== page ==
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Tombs of the Tibetan Kings

Located at chong Gye, the Tombs of the Tibetan Kings is 30 km from Tsedang. Buried here the kings, the ministers and the royal concubines from the 29th Tuboking, to the last. It is also the only tumuli group in Tibet. From all of the tombs, the most remarkable one is King Songtsan Gampo's. 



According to historical records there are five underground chambers containing statues of Songtsan Gampo, Shakyamuni and Padmasambava with great quantities of gold, silver, pears and agates as funeral objects. The coffin itself is said to have been laid in the central chamber and to its left side it is said to a suit of amour worn by Songtsan Gampo on expedition; to its right side to have laid knights and battle horses made of solid gold as the retinue of Songtsan Gampo after his demise. Buried at the head of the coffin is a coral statue of Lord Loyak Gyalo, whose function is supposed to give light to the dead king and at the foot of it is a cache of pears weighing 35 kilograms, wrapped in silk, as Songtsan Gampo's share of wealth. 



Thirty third King Songtsan Gampo, moved his capital to Lhasa, then unified the whole Tibet. In order to cherish the memory of their hometown and the relatives, also ancestor Kings from the 33 on wards were buried back to Chonggye. This is main reason why the tumuli is as big as3.85 million square meters.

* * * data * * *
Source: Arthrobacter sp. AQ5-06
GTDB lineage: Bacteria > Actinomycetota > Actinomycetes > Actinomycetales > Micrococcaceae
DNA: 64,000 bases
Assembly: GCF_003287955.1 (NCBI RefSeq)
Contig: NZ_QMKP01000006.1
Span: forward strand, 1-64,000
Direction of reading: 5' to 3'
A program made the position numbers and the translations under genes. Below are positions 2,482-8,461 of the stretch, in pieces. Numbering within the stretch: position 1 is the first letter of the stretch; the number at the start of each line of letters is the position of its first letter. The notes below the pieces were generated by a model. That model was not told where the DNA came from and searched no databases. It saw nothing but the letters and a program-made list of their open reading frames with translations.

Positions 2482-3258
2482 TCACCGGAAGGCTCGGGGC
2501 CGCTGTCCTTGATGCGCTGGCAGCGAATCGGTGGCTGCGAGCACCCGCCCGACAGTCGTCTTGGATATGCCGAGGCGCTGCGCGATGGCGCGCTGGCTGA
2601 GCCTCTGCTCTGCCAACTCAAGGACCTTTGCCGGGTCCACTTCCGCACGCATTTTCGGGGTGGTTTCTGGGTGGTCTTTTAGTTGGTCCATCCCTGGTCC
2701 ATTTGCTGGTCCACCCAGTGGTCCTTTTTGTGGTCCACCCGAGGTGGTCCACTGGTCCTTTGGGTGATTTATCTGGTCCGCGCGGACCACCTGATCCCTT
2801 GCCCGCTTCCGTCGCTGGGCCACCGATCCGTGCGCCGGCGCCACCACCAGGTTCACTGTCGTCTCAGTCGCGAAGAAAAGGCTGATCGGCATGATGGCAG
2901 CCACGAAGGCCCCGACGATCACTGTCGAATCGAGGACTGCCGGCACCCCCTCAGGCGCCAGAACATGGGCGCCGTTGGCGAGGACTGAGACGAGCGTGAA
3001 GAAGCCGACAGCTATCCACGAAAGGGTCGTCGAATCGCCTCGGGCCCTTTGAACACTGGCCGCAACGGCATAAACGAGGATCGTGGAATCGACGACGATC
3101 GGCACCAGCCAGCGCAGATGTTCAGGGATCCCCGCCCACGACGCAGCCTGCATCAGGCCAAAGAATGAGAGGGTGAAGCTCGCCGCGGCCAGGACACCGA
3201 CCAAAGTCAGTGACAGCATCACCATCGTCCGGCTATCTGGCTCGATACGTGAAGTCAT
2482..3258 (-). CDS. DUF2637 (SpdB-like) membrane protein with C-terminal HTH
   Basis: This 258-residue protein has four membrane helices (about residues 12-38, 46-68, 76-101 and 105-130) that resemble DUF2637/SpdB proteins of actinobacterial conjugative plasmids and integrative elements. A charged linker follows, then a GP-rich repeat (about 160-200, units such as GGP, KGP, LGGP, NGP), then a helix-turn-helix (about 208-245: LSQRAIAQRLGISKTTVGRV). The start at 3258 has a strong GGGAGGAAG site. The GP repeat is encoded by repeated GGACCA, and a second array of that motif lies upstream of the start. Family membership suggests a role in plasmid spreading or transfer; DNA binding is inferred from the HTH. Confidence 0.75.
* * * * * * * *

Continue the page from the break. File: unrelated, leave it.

The largest group of known tombs was located on the Mure Mountain at the southern bank of the Yarlung Zangbo River, southwest of the Zongsam Mountain and beside the Yarlung River (today under the jurisdiction of Qongyai County in the Tibetan Autonomous Region). Surrounded by open ground and benefiting from moderate weather, rich soil, and beautiful landscape, this area with its favorable natural conditions was the birthplace of the ancient Tibetan people and the old home of the founding King, Songtsen Gambo.  



After the King chose Lhasa as a capital, this area became his base to strengthen his regime and solidify his rule, and was accorded special attention. It may have been nostalgia, as well as the favorable and rich natural conditions, that decided Songtsen Gambo on this area as his burial place. Later quite a few other Tibetan kings were buried here.


Admission : 25 rmb

open time : 9:00- 18:00

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